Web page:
According to TraqPak data released in mid-January by aviation services company Argus, overall year-over-year business flight activity climbed 4.4 percent in December, with a boost by double-digit percent resurgence in Part 91 corporate operations. Part 91 activity was up 10 percent compared with the same month in 2009. The rise in activity in fractional flying, however, was a more modest 2.6 percent, and Part 135 charter experienced a 2.4-percent rise in activity.
While the number of used-aircraft transactions (medium- and large-cabin) was up an average of 30 percent in 2010 over 2008, AircraftPost.com reported that selling prices dropped an average of 56 percent. “One reason for the increase in transactions could be the result of prices going from ridiculously high levels to a level that makes sense again.
“Market values are down an average of 24 percent from 2008, resulting in greater value for the dollar,” said AircraftPost.com, “resulting in greater value for the dollar, which in turn creates a value proposition with some aircraft that’s very attractive.” However, as prices have eroded, aircraft have spent more time�not less�on the market, with the average number of days increasing from 139 in 2008 to 248 in 2009 to approximately 344 days last year.
‘Stagnant Recovery’ Continues
“The business jet market is in a slow-moving recovery, with selling prices hovering at the low end,” according to the report, which concluded that “being at the low end of pricing can be viewed as a sign of recovery.”
David Wyndham at Conklin & de Decker labeled 2010 a year of “stagnant recovery.” He predicted that in 2011:�
Ÿ Business aviation activity will continue to show steady, but slow, growth. Aircraft sales will slowly increase in the U.S., be flat in most of Europe, and show some strong growth in the Middle East and Asia. More than half of new aircraft sales will be outside the U.S.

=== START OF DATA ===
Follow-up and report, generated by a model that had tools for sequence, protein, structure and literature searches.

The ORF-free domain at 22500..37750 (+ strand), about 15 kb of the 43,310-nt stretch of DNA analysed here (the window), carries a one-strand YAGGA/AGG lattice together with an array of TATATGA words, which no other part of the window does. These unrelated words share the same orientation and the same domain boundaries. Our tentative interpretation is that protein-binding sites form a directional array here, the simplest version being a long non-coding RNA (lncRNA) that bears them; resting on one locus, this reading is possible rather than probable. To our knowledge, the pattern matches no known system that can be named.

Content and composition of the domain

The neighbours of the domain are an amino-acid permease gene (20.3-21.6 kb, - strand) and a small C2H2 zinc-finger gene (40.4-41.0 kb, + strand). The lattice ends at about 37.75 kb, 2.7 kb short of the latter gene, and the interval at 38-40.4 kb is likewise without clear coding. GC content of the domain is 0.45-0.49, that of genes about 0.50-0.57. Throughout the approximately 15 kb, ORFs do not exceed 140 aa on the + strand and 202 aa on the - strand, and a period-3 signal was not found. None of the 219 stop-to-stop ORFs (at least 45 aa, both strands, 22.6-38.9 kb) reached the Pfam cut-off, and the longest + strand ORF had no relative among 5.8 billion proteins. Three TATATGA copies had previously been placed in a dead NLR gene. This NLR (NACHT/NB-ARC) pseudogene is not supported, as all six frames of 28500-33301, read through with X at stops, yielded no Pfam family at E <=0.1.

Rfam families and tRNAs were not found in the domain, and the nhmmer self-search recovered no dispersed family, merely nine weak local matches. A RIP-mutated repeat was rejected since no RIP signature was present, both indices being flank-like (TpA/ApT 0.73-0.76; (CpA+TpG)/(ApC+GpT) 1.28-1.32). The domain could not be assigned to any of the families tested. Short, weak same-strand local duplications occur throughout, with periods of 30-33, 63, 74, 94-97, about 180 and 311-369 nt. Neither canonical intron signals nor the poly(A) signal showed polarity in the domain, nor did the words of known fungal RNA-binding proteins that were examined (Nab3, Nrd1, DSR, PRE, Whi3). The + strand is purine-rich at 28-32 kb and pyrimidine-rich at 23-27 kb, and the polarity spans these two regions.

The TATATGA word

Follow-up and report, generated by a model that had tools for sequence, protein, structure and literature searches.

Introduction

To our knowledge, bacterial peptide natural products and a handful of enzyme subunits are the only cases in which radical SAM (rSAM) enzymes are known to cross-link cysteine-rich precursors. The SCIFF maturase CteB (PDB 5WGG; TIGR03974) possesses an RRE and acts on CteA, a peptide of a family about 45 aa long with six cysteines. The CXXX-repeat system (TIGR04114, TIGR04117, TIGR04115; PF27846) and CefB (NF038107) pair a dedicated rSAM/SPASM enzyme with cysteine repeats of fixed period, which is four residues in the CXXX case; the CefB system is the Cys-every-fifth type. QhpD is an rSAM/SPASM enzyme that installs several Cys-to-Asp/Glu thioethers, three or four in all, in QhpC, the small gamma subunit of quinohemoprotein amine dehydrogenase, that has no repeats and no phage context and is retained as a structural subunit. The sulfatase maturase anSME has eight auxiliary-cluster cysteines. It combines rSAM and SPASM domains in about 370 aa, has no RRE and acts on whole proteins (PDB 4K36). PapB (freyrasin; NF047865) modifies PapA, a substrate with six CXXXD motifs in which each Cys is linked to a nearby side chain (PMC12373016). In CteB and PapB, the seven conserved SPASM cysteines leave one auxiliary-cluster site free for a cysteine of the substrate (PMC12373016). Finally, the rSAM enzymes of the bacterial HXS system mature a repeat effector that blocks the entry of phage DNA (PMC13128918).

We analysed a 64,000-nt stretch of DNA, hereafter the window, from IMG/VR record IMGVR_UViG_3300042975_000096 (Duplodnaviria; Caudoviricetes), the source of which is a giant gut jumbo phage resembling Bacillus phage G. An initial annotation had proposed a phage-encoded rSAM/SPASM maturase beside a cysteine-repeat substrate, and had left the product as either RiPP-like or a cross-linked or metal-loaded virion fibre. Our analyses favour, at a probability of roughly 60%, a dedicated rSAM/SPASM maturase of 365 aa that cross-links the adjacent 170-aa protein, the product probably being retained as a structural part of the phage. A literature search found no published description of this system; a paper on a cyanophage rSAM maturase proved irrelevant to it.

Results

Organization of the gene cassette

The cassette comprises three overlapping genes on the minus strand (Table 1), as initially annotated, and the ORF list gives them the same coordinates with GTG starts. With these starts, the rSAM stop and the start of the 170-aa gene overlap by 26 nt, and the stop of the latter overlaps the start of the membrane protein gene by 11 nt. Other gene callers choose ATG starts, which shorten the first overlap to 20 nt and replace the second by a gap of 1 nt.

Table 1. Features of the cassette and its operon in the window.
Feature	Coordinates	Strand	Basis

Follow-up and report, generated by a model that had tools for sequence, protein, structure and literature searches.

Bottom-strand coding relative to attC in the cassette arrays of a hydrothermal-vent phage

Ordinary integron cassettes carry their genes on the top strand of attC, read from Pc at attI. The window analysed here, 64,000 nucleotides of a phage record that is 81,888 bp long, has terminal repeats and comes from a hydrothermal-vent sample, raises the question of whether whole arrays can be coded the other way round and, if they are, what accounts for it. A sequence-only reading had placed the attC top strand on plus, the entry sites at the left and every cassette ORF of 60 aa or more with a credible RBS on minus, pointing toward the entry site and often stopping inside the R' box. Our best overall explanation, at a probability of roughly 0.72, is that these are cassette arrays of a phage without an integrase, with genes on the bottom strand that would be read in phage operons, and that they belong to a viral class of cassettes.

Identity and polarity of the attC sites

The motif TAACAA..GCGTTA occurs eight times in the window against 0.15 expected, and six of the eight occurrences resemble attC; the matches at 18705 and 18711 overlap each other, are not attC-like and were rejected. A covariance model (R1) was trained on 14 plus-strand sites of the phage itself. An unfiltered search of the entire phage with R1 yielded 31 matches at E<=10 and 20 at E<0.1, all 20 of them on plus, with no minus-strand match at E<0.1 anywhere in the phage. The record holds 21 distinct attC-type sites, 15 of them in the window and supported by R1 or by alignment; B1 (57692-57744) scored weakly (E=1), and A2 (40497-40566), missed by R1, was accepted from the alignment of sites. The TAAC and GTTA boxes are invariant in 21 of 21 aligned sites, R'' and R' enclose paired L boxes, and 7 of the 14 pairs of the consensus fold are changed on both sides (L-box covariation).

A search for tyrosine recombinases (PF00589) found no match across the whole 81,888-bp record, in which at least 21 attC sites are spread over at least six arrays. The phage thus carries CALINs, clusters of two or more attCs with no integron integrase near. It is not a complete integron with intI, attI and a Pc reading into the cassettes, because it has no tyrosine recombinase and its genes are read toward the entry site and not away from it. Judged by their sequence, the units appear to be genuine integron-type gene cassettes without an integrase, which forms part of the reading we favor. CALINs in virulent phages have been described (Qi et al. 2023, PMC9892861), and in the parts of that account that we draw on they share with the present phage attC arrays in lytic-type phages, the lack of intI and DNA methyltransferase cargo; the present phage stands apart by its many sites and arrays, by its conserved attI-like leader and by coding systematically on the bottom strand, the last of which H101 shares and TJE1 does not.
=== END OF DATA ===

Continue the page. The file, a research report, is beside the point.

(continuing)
Ÿ Used aircraft values will stabilize overall, but variations will exist.
Ÿ It is still a good time to buy, and a less painful time to sell.
Ÿ With crude oil inching toward $100 per barrel, increasing fuel prices will have negative effects on business aviation if operators’ budgets are not also slated to increase.
Ÿ OEMs are still hurting and will be cautious in rehiring employees until they start seeing solid order books.
Ÿ MROs should see a good year as operators that have put off maintenance and refurbishments begin to return.
Ÿ As flight hours pick up, that should mean more jobs in the cockpit.
In an interview with AIN, Brian Foley of Sparta, N.J.-based Brian Foley Associates said it is his firm’s perspective that “mid-2011 will be the first time since 2007 that all segments of the general aviation industry will be simultaneously improving.” While the first half of the year would see further consolidation, restructuring and ownership changes, he added that 2010 is likely to be the delivery trough for jets and turboprops.
But he tempered his optimism, cautioning that while business conditions will improve throughout the year, this recovery won’t manifest itself as increased deliveries until later this year or early next year, since deliveries lag sales by about 12 months.
John Bingham, president and CEO of Piaggio America and a veteran of the automotive industry, had an interesting perspective. He noted that a business aviation recovery has typically followed an automotive industry recovery by about nine to 12 months. Foreign and domestic luxury auto manufacturers recorded double-digit sales increases in 2010 and are looking to better days in 2011.